Queen welcomes Rwanda to C’wealth

KIGALI - The Queen of England, Her Majesty Elizabeth II, who is the head of the Commonwealth, has congratulated Rwanda upon its admission into the grouping that comprises mainly former British colonies. In a congratulatory message to President Paul Kagame and the people of Rwanda, Queen Elizabeth said that Rwanda has made significant progress in the last 15 years, and the admission to the Commonwealth is reflection of what the Rwandan people have achieved during this period.

KIGALI - The Queen of England, Her Majesty Elizabeth II, who is the head of the Commonwealth, has congratulated Rwanda upon its admission into the grouping that comprises mainly former British colonies.

In a congratulatory message to President Paul Kagame and the people of Rwanda, Queen Elizabeth said that Rwanda has made significant progress in the last 15 years, and the admission to the Commonwealth is reflection of what the Rwandan people have achieved during this period.

“I send the people of Rwanda congratulations on the occasion of their accession to the Commonwealth. Rwanda has made much progress since the terrible events of 1994, and its accession to the Commonwealth is an indication of this.”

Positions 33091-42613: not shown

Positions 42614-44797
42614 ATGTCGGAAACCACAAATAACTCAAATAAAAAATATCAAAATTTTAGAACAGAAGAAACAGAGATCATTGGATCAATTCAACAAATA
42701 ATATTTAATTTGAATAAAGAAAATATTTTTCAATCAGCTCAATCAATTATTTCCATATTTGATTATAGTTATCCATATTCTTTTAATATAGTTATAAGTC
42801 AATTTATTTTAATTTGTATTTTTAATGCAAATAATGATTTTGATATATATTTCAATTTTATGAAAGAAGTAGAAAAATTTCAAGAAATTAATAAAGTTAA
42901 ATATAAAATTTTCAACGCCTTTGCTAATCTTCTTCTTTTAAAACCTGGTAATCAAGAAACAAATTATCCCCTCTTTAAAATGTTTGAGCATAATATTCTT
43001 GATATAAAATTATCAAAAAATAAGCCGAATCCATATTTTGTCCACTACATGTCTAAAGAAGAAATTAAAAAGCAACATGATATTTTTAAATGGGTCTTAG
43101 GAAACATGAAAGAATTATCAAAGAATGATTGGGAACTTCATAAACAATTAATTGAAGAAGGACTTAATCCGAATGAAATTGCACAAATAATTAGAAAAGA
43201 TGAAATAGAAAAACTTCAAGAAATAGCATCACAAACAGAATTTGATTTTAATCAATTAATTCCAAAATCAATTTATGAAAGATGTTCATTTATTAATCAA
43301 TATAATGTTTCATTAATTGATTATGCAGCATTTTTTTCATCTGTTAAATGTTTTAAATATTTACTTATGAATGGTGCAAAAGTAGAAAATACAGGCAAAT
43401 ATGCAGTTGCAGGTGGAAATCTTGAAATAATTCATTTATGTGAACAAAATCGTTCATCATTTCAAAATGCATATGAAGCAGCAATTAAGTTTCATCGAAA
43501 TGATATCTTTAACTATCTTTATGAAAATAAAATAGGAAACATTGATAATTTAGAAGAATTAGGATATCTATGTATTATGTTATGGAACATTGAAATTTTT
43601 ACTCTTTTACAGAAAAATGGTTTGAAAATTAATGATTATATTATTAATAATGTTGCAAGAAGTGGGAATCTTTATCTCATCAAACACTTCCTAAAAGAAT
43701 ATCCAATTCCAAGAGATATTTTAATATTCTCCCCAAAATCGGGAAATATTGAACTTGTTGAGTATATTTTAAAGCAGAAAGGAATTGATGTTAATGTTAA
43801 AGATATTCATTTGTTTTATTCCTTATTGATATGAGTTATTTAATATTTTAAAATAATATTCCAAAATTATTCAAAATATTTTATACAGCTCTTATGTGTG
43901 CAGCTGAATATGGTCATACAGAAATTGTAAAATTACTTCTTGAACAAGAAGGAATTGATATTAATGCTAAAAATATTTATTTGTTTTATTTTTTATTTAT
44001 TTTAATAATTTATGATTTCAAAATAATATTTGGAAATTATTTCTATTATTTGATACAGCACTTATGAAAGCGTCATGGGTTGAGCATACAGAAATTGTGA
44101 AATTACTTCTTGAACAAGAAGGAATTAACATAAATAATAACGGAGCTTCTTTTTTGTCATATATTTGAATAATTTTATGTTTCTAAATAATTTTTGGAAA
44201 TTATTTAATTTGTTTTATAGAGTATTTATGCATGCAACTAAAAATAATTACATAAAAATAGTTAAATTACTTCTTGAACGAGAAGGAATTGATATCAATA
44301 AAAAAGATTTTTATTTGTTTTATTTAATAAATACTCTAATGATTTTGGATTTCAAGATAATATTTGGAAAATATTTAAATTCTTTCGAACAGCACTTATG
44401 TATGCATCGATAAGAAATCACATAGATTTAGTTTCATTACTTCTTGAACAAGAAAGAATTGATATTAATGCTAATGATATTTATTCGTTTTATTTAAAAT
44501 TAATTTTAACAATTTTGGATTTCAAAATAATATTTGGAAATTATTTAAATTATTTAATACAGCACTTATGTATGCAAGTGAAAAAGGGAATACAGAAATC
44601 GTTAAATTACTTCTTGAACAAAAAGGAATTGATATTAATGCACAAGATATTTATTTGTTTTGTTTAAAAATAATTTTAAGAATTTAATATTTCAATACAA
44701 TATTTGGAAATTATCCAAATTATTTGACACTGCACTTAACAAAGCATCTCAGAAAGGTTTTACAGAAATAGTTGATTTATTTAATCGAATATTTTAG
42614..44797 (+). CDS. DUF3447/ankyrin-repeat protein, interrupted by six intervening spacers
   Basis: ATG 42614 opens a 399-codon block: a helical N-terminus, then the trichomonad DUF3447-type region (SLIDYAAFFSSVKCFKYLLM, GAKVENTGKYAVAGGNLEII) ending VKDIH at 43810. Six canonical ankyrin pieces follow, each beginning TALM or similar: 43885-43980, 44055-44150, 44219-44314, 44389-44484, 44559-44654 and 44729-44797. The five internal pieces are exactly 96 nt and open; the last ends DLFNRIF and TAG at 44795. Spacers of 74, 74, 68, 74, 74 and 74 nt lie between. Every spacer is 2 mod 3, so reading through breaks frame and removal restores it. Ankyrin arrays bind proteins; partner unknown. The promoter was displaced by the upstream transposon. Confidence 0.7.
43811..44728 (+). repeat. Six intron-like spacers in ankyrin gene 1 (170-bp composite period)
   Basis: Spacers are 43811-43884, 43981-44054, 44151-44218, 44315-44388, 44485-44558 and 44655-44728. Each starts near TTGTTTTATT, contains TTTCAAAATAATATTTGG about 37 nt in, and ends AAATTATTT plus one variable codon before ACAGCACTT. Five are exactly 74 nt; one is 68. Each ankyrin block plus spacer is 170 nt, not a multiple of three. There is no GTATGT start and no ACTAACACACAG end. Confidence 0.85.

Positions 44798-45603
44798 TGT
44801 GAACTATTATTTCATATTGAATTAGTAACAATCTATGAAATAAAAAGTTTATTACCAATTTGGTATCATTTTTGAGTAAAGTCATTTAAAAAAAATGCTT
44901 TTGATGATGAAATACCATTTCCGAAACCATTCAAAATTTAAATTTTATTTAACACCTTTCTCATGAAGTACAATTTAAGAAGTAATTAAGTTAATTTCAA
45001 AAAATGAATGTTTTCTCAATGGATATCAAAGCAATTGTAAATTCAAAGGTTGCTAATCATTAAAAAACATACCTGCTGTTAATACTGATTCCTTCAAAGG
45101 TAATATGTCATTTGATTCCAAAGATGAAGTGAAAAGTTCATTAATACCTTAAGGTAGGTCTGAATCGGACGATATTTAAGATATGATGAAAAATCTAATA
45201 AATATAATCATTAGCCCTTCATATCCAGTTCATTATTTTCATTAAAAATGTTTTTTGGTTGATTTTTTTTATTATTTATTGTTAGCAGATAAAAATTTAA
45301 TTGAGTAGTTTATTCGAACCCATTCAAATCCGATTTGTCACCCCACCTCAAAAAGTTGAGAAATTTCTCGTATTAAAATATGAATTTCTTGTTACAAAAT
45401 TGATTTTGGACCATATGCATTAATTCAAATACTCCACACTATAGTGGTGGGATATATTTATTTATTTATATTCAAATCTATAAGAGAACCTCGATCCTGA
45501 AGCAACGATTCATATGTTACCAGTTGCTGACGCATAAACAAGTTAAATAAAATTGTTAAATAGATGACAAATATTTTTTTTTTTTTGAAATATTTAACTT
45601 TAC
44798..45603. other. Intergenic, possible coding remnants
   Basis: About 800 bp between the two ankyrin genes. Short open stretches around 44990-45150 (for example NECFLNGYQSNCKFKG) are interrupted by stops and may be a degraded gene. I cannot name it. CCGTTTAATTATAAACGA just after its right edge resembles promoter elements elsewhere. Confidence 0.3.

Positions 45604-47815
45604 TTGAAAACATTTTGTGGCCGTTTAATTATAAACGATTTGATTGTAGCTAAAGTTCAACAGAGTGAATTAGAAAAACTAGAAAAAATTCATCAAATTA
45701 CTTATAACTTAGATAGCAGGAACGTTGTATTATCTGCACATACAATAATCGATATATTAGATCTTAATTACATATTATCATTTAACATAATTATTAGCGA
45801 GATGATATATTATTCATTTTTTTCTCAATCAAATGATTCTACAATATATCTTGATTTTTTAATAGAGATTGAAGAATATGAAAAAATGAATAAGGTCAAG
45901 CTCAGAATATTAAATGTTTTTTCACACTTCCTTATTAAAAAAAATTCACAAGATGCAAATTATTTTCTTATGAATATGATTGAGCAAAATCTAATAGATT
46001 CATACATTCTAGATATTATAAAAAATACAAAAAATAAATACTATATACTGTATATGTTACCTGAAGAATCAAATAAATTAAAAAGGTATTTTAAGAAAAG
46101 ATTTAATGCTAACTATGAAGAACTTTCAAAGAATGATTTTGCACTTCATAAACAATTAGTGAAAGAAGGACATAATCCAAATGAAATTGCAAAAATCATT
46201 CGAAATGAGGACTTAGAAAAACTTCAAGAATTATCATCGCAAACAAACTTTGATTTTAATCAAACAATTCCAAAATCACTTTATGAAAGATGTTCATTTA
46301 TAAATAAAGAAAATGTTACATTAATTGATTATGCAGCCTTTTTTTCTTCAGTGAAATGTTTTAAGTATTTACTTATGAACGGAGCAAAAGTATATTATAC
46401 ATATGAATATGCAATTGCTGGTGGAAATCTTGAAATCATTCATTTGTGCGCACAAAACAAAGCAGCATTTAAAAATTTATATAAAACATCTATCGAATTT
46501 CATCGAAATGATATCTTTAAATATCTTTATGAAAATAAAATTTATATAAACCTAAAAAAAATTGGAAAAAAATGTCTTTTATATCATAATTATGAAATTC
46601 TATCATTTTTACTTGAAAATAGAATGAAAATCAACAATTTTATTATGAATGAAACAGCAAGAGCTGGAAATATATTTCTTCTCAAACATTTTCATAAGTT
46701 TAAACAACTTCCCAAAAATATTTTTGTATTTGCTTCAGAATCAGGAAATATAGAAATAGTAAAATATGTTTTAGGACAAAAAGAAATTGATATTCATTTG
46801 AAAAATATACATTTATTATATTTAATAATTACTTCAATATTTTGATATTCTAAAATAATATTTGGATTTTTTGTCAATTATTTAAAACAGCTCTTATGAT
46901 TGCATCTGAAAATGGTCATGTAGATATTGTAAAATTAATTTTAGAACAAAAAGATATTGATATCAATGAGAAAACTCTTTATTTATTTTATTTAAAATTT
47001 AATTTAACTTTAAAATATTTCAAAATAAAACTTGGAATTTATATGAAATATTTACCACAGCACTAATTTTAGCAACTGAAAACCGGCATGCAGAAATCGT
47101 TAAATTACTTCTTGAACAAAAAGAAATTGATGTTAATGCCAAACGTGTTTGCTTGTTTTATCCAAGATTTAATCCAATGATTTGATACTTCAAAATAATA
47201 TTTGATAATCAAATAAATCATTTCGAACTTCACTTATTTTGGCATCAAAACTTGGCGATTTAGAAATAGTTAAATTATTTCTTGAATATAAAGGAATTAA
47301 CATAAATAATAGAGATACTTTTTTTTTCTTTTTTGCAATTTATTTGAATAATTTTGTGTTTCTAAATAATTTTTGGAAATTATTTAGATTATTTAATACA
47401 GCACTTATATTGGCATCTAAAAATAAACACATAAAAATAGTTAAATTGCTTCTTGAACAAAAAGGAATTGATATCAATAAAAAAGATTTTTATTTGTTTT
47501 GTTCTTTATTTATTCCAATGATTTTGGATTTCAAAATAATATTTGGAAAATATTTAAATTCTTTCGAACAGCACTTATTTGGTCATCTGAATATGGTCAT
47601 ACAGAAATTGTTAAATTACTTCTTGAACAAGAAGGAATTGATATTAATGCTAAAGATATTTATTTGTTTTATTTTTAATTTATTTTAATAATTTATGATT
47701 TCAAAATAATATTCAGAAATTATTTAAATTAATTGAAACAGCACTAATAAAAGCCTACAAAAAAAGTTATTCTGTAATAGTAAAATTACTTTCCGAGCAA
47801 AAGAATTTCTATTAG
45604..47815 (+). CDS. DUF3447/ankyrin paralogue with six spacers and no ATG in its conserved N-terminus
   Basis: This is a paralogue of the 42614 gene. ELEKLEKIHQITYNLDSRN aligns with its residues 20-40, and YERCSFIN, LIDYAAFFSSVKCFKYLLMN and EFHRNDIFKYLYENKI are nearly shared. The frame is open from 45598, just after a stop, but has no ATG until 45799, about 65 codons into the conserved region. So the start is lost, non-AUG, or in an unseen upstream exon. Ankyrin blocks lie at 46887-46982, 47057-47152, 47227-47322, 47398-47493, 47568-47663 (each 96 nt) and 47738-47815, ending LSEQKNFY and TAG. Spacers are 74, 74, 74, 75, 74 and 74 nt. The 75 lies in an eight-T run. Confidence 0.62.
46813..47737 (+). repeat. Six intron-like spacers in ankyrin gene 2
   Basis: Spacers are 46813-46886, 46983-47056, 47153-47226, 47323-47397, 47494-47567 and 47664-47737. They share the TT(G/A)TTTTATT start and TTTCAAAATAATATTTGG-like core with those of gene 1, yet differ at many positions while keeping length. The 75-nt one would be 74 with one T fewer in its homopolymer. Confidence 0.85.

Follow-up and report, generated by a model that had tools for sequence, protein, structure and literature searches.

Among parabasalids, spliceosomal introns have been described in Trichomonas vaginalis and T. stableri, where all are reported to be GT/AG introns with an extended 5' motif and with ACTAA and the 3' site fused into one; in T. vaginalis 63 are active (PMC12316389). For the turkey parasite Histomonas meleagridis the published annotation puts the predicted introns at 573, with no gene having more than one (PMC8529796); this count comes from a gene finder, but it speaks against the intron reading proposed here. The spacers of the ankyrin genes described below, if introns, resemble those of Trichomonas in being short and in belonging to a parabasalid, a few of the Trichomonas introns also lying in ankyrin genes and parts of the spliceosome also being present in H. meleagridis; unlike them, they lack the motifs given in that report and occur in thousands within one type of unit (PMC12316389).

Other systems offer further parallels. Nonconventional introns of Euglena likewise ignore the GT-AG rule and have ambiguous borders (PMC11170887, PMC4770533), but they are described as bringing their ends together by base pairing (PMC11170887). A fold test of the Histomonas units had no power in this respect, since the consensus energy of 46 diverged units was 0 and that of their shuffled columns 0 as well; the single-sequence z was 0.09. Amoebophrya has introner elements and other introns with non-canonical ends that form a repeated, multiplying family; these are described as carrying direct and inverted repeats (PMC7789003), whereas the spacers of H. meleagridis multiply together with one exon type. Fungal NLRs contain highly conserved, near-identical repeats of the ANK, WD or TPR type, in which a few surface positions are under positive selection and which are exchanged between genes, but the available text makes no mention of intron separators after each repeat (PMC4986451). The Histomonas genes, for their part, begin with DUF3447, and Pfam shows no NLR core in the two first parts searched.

“Both Rwanda and the Commonwealth will gain greatly from this new relationship, and I welcome Rwanda as the 54th Member State.” the Queen’s message reads.

Rwanda was unanimously admitted into the Commonwealth as a 54th Member on the 29th of November by the Commonwealth Heads of Government Meeting (CHOGM) held in Trinidad and Tobago.

Following an assessment by the Commonwealth Secretariat, Rwanda’s admission merited on grounds of having good democratic processes such as free and fair elections, the rule of law and independence of the judiciary.

Rwanda was equally commended for good governance, protection of human rights, freedom of expression and having a transparent system in place.

Rwanda’s was backed by some of the prominent members of the group including Britain, Australia, Canada, India, South Africa, Uganda, Kenya, Tanzania and Trinidad and Tobago.

Rwanda became the second member of the commonwealth without any historical British colonial links after Mozambique.

The Commonwealth accounts for a population of more than two billion and $2.8 trillion in annual trade. Its main focus is promoting trade, education and good governance among its member countries.

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